Tags: Iran | Backs | Coalition | Claims | Hidden | Iraqi | WMD

Iran Backs Coalition Claims of Hidden Iraqi WMD

Friday, 06 June 2003 12:00 AM

"Yes, we agree with the Americans. Our intelligence indicated that Iraq did possess weapons of mass destruction and was hiding them from the UN."

The source, who requested confidentiality, went on to say that the big question is: "What did the Iraqis do with these weapons?"

While Teheran does not know where these weapons may be today, there is a strong suspicion that some may have filtered onto local black markets.

"We know other items once under military control (such as broadcast transmission equipment) have found their way onto the black market," says the official.

"We have people coming to Teheran from Baghdad with catalogs of items (stolen from the Iraqi government) offering them for sale." So far, the source claims no WMD offerings have shown up in Iran ... yet.

The Iranian revelation comes as the Bush administration and the government of UK prime minister Tony Blair have come under increased fire on the issue of whether Iraq was still in possession of prohibited weapons prior to the March invasion.

The issue of WMD and its possible possession by Baghdad was repeatedly cited by President George W. Bush and Prime Minister Blair as a central reason for launching Operation Iraqi Freedom.

More than two months later, neither US nor UK military forces have been able to find any evidence of hidden Iraqi WMD.

Calls for Congressional and Parliamentary investigations into the secret weapons issue are increasing on Capitol Hill and in London.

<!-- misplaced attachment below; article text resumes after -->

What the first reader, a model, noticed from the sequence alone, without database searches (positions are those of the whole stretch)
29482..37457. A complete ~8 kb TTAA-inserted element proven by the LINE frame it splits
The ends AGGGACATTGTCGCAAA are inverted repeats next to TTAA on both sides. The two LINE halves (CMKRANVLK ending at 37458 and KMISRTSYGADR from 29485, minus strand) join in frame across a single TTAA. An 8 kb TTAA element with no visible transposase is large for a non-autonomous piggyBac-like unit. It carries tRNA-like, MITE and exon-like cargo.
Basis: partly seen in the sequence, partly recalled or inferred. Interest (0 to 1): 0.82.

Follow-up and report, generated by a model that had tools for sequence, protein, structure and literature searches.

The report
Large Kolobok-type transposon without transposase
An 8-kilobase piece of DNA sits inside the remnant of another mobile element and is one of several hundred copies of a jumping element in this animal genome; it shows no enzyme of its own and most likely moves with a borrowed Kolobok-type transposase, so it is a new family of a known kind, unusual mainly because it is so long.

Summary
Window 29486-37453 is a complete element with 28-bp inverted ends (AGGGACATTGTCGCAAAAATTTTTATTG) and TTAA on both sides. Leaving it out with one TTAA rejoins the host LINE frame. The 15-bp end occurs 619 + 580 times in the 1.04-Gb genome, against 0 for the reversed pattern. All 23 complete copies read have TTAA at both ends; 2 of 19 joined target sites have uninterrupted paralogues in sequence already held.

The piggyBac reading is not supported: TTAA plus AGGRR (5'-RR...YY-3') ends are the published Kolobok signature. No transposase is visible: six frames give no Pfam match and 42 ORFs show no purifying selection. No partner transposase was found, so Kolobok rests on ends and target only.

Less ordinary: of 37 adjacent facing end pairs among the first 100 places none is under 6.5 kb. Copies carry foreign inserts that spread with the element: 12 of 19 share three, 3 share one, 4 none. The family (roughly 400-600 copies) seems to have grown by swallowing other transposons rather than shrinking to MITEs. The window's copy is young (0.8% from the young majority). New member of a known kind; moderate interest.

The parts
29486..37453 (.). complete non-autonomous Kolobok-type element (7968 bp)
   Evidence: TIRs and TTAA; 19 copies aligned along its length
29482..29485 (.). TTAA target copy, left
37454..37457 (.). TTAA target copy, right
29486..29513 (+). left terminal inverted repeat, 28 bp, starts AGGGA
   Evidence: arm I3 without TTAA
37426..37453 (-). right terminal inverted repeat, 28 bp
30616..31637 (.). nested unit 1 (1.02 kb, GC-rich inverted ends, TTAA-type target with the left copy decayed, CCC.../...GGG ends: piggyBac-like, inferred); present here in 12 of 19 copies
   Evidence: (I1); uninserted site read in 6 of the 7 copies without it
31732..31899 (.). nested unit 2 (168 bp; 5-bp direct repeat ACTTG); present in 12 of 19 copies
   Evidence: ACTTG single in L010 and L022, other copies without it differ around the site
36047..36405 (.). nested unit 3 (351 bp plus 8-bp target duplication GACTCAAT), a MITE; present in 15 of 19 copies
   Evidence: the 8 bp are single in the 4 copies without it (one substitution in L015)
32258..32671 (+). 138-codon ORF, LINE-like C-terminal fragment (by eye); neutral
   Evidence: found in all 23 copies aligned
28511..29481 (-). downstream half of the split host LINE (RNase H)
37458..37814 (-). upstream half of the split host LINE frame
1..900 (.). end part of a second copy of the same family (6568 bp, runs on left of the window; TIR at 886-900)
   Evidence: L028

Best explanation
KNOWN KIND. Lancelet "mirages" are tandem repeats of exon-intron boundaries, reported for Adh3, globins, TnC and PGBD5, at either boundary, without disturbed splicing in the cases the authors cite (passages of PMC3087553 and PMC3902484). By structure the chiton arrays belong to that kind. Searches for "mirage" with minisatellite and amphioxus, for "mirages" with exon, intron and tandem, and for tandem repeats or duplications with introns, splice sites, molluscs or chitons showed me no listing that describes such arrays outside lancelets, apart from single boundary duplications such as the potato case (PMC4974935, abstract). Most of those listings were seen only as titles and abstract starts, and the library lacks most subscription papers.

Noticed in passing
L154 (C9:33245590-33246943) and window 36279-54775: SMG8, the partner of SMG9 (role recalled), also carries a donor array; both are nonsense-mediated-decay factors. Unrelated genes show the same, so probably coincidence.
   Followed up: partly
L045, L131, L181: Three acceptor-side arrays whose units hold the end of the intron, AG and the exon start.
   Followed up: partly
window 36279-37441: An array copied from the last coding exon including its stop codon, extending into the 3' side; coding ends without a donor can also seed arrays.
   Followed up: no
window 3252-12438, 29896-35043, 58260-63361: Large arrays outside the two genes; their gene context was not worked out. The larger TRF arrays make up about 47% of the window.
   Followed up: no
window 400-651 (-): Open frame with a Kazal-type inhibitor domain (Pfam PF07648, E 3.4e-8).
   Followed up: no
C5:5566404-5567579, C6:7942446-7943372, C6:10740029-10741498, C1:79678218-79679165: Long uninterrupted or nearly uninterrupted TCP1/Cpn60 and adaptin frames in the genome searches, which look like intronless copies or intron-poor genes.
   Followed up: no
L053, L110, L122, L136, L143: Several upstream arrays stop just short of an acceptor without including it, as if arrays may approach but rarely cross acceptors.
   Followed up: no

Blair, in a Wednesday speech before the British House of Commons and Bush in a Thursday speech before US troops at Central Command Headquarters in Doha, Qatar, insisted that given enough time, Coalition forces will uncover the secret(and well hidden)Iraqi weapons.

Those claims clashed with comments by UN chief weapons inspector Hans Blix who told a meeting of the UN Security Council on Thursday that his personnel "saw no evidence of hidden WMD during their latest rounds of inspections."

Those inspections began in December 2002 and lasted till March 18, 2003, one day before the US and UK attacked Iraq.

Blix did qualify his findings by admitting prohibited Iraqi weapons may still exist, but there was no way he could be sure, since UN arms inspectors have not been allowed into Iraq since the Coalition invasion.

For the first time since the invasion, Washington and London are permitting a limited inspection of a major Iraqi nuclear installation by the International Atomic Energy Agency (IAEA).

The IAEA (the UN's atomic watchdog) is sending an emergency seven member inspection team to the Tuwaitha nuclear center, 15 mi south of Baghdad by week's end.

More than 500 tons of toxic nuclear waste had been stored and sealed at the center by the IAEA prior to the overthrow of the Iraqi government.

Local reports from the area claim much of the waste was looted during the war.

IAEA officials familiar with the nuclear materials explain that some of them could be used by terrorists to fashion a so-called "dirty bomb".

The agency says that Washington has decided to impose a news blackout on the activities of the IAEA team in Iraq. The inspections are tentatively scheduled to last two weeks.

"Nobody in Baghdad will be available to brief the press," says one IAEA official. The official added, "we don't know what to expect, this is new territory."

Coincidentally, IAEA director-general Mohamed ElBaradei decided not to attend the UN Security Council briefing on the Iraqi arms issue in New York City on Thursday.

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"Yes, we agree with the Americans. Our intelligence indicated that Iraq did possess weapons of mass destruction and was hiding them from the UN." The source, who requested confidentiality, went on to say that the big question is: "What did the Iraqis do with these...
Iran,Backs,Coalition,Claims,Hidden,Iraqi,WMD
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2003-00-06
Friday, 06 June 2003 12:00 AM
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